Is sustainability an ephemeral trend or is it a game changer?

Climate change is making headlines these days and urgent action is needed on several levels; from public entities, but also the financial sector has a role to play to help finance the transition to a more sustainable development. To focus attention on the subject and get everyone on board, the EU Commission is currently working on concrete measures to shine the spotlight on sustainability in finance.

In the asset management space, the traditional players are jumping on the bandwagon and are beginning to offer ESG (Environmental, Social, Governance) products alongside specialized funds managed by specialized groups. Whereas some years ago strategies were based on exclusions only, positive screening and active management are becoming an integrated part of market practice in sustainable investment funds. Sustainable portfolio managers nowadays embrace ESG analyses and soft factors into investment decisions. This is often paired with ongoing engagement with companies in order to make rounded investment decisions. Furthermore, internal ESG specialists and external ESG data are becoming vital to provide relevant insights to fund managers. Growth rates and the competitive financial performance of sustainable investment products are positive signs that the ESG market has not an ephemeral notion. The market is progressing to include sustainability not just in operations, but also in strategic decision-making.


How close is the industry to seeing ESG become a regulatory requirement?

The EU Commission has made several legislative proposals to advance sustainable finance by curtailing free riding. The cost-benefit equation must be clarified to market practitioners, as regulations often have a negative connotation. With the retail market being largely untapped, the deployment of standardized ESG information within MiFID II and IDD might lead to a strong boost in demand. In PRIIPs, a level one integration of ESG factors is already foreseen, while the level 2 integration of the ESAs technical specifics is in consultation. A label could be an easy way to integrate ESG information and give confidence to retail investors.

For new asset management adopters, the strong potential for long-run customer acquisition and retention might make up for initial efforts in becoming compliant. Those who already currently factor in sustainability will have a competitive advantage over those who are not yet in the loop.


Will companies soon need to report on their impact on climate change?

The Technical Expert Group (TEG) on Sustainable Finance set up by the Commission in July 2018 published in January 2019 its first report on companies' disclosure of climate-related information. The current recommendations allow the Commission to update its non-binding guidelines on non-financial reporting with specific reference to climate-related information, in line with the recommendations of the Task Force on Climate-related Financial Disclosures (TCFD) established by the Financial Stability Board. These will be aligned with the Commission proposal on a "taxonomy", a specific classification of sustainable economic activities. The TEG’s first report lines out that in the future disclosures might not only integrate how climate change might influence the performance of a company, but also the impact of the company itself on climate change. The TEG is now expected to complete its other reports, starting with the climate change taxonomy, carbon benchmarks and green bonds by June 2019.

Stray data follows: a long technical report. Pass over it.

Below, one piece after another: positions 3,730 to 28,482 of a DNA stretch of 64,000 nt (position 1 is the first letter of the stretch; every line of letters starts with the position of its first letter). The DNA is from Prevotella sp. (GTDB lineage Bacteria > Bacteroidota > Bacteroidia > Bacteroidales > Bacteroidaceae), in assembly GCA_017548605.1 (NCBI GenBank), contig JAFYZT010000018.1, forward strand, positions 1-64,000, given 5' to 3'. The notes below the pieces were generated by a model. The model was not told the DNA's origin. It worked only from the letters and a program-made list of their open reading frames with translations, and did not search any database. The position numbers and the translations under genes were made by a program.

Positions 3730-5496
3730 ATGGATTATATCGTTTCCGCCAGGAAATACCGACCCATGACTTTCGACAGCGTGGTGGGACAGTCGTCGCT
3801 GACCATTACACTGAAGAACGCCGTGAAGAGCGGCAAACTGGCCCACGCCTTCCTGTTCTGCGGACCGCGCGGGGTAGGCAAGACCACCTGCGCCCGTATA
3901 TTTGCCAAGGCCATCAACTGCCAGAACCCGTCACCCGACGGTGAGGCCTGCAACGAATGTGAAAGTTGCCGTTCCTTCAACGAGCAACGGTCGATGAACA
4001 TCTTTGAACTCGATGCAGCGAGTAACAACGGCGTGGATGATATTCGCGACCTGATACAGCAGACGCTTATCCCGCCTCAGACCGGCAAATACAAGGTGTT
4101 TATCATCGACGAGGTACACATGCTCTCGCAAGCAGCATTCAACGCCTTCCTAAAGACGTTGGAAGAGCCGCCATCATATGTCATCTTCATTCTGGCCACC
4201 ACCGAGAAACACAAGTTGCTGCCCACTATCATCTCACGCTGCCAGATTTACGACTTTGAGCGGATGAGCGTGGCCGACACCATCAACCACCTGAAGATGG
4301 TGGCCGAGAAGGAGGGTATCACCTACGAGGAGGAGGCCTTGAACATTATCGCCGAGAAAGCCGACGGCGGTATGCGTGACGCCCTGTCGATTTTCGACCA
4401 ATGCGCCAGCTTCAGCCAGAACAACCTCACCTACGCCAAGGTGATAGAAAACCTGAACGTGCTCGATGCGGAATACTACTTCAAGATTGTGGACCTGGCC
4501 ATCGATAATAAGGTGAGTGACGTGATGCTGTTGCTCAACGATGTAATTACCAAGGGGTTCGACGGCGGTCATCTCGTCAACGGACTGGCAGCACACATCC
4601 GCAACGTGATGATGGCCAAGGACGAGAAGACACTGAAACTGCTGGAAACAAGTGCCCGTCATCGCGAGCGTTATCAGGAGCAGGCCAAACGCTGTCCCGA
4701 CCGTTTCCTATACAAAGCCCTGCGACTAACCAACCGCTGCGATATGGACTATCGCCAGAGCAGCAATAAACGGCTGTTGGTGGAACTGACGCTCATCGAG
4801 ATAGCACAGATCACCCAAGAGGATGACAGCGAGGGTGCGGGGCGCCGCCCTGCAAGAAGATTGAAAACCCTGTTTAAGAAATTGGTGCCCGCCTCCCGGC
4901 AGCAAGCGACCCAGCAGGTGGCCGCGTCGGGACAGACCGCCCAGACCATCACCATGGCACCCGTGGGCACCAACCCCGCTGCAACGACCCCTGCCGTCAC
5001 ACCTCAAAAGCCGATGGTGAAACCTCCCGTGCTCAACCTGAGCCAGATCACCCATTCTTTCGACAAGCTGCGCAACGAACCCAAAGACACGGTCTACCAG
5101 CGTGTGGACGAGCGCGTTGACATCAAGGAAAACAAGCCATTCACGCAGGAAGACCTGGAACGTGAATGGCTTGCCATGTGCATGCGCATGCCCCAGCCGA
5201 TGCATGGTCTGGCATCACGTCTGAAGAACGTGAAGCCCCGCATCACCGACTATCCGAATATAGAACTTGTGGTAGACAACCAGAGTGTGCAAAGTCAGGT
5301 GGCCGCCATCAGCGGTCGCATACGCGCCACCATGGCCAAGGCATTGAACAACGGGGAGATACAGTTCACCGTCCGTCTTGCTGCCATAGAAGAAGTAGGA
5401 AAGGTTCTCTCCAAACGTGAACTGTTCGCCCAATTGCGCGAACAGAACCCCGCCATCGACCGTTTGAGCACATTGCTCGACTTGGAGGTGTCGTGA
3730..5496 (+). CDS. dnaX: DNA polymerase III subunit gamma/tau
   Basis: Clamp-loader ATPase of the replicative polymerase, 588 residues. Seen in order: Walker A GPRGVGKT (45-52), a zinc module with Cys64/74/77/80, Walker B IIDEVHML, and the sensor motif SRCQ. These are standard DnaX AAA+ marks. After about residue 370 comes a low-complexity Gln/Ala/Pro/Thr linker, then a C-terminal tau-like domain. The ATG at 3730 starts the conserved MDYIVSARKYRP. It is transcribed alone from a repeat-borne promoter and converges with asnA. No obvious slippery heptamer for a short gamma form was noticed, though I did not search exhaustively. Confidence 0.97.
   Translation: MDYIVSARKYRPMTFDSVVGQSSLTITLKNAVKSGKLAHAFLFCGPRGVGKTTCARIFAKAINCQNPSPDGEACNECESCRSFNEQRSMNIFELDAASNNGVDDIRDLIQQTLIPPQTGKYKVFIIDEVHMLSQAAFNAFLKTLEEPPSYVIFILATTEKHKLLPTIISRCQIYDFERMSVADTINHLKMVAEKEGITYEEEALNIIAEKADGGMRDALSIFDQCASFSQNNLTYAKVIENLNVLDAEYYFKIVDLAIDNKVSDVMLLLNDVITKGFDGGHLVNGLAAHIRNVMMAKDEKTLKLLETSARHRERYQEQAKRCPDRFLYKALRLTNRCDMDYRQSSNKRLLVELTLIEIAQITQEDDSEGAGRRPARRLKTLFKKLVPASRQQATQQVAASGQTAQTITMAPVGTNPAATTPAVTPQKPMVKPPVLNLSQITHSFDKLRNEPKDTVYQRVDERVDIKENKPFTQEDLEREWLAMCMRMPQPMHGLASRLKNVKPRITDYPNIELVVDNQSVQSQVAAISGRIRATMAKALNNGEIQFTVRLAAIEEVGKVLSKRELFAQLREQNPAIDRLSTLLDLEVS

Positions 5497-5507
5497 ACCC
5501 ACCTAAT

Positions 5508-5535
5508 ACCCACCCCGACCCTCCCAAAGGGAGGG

What role does tech have to play?

Financial technology and sustainability are two major drivers of change and impact in the financial sector today. FinTech can break new ground in the area of sustainable finance. Our current consumption and way of living are posing new challenges to the planet and people. This presents an opportunity to rethink the way we all do business and make full use of innovative game changers. Already many actors in the tech space are working on solutions in a sustainable mindset, from FinTech to CleanTech responding to existing ESG challenges. Business models focusing on the circular economy and sharing concepts are changing traditional value chains. Digital financial services for the unbanked, for instance, were developed decades ago to advance financial inclusion. The creation of functional and experiential value has now become an imperative to make users regularly deploy inclusive financial services.

One of the biggest challenges in sustainable finance today is the standardization of ESG information and the measurement of impactand additionality assessment. Even though data exists in multiple forms, there are not yet uniform ways to structure and analyze it in a consistent and comparable manner. State-of-the-art technology and consensus on definitions may be a cost-reducing factor for ESG analyses in the future that can give a further boost to the flourishing market. Already promoters are leveraging existing technologies for fund data. Harnessing technology in sustainability and integrating sustainability in technological aspects, that’s the way to go!


Mario Mantrisi, General Manager of LuxFLAG

Julie Didier, Head of Marketing and Communication at LuxFLAG